Is a Segment of the Population Being Forced out of Broadcast Television?
Who voted for HDTV digital broadcasting?
Oh that's right. No one did. It was an arbitrary decision, made presumably for the public good. A digital signal is clearer, brighter and sharper. You'll get no argument from me there.
But the thing is, digital is binary 1-0, yes-no technology, like a computer. There is no middle ground. Either you have a signal or you don't, not like analog television, which sometimes was snowy or visited by ghosts, but always tried to reach a signal, however faint.
I learned this arbitrary lesson over the weekend when I wrangled with installing an analog-to-digital converter box to my 1999 vintage Sony television.
I had been without TV since mid-June, when analog broadcasting was banished from USA airwaves. I can't say I missed it, but every once in a while there is something on broadcast television worthy of a watch.
I was told installing the box was quite simple. True, it wasn't so bad, but then comes the hard part: getting a signal.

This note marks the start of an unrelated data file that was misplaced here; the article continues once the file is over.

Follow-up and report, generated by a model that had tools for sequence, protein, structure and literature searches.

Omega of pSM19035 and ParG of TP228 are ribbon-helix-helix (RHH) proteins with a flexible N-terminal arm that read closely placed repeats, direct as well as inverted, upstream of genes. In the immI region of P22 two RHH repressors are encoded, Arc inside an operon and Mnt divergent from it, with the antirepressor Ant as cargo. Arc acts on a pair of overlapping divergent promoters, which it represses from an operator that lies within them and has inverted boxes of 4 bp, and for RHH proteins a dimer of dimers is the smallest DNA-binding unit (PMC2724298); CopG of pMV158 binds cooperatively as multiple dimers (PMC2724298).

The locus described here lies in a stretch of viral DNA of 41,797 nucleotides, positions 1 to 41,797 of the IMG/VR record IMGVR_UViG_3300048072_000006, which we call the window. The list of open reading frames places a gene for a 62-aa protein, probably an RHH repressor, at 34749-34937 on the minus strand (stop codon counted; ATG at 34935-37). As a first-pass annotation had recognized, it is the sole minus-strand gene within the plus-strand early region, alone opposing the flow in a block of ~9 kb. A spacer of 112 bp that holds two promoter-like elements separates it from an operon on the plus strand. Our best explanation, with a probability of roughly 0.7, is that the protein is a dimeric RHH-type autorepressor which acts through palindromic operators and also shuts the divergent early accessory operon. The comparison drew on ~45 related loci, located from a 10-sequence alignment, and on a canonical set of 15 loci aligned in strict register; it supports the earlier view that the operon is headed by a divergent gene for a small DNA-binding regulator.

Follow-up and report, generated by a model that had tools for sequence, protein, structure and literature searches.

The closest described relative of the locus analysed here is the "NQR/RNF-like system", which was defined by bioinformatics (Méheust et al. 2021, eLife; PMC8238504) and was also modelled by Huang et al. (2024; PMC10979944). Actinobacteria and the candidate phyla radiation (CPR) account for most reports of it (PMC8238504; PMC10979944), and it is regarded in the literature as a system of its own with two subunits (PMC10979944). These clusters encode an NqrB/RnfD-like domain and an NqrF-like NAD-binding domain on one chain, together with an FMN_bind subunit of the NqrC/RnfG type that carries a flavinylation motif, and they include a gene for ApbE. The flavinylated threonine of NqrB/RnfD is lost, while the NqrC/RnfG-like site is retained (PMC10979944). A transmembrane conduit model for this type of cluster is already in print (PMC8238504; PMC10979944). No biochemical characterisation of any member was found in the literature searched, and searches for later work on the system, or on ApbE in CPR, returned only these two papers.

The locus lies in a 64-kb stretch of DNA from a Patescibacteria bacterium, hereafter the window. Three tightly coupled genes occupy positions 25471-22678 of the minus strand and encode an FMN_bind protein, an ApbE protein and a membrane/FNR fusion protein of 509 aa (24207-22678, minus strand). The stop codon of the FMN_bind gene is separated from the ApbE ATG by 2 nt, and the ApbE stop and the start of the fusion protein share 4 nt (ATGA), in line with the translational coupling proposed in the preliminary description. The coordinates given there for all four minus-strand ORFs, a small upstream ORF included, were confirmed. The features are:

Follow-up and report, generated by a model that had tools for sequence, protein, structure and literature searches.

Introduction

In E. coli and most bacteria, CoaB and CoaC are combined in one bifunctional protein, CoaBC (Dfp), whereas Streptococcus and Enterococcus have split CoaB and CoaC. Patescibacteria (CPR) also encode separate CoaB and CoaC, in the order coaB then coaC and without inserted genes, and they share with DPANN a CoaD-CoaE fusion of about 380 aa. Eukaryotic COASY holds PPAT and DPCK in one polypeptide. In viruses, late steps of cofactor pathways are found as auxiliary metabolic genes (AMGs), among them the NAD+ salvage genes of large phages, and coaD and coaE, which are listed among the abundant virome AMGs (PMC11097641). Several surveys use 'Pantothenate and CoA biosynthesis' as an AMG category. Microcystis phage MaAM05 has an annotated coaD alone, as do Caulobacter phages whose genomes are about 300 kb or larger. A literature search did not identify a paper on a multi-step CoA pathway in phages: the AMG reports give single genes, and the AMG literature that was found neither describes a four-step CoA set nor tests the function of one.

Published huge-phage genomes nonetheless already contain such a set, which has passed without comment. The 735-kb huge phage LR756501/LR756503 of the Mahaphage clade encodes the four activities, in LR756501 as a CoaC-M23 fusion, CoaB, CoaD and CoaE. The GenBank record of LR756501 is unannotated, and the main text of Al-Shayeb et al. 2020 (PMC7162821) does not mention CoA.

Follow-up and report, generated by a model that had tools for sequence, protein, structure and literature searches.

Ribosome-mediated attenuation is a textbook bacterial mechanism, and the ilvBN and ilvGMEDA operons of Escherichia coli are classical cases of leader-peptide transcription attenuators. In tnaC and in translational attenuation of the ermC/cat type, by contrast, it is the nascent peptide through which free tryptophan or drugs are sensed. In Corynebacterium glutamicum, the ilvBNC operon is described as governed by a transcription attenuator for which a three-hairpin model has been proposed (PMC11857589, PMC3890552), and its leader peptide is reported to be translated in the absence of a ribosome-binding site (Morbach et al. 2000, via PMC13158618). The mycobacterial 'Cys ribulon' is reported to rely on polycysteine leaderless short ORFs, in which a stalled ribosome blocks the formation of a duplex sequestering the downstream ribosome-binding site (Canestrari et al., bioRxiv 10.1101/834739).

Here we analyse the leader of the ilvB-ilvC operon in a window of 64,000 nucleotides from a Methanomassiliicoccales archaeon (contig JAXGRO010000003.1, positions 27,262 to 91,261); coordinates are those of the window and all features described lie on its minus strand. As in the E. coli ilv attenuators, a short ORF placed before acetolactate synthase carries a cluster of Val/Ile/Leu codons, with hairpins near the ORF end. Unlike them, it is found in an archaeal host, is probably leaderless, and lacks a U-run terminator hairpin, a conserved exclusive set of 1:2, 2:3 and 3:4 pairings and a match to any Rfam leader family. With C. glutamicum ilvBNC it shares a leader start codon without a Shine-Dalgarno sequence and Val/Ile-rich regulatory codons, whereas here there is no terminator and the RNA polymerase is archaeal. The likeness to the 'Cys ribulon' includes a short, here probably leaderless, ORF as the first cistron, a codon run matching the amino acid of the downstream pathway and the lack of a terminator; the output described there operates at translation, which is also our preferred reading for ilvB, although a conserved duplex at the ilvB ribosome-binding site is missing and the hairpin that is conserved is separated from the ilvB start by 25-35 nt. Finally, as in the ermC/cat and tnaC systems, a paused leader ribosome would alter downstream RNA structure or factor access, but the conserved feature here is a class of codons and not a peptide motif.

I used to have a big outside antenna on the roof of our house, which is a dizzying 27-foot above sea level. I could get virtually every television in South Florida, plus even Ft. Myers on a good day.
Hurricane Wilma took out the antennae, so I bought an inside antenna, a kind of improved rabbit ears, with dial and swivels. I could still get 8-10 stations in the Miami-WPB markets.
After much finagling with said rabbit ears, I finally got a signal: WPBT, Channel 12 in West Palm Beach, the CBS affiliate.
I went to my friendly local Radio Shack and asked what I should do to get more stations.
"You need an enhanced antenna," I was told. The cheaper one was $35, the better one $50.
Hmm. One of the reasons I don't have cable or satellite TV is that I just don't think it's cost-effective. I went home and messed further with the antenna. Bingo! Up popped WPTV Channel 5, the NBC affiliate in West Palm Beach.
WPLG Channel 10, the ABC affiliate in Miami, used to be one of my best signals, but for whatever reason it eludes me: digital technology.
I still shoot photos with 35 mm film. I like the warm, forgiving flesh tones of film, but as the world goes digital, film becomes increasingly expensive, and ultimately I'll be priced out. At least for now I still have a choice (and yes, I do have a digital camera).
But think of the poor folks in East Nowhere, South Dakota or Dying Moose, Montana or
wherever else cable TV never reached.
People can spring for satellite television or pray to the computer gods somehow they can get their converter box to find a signal.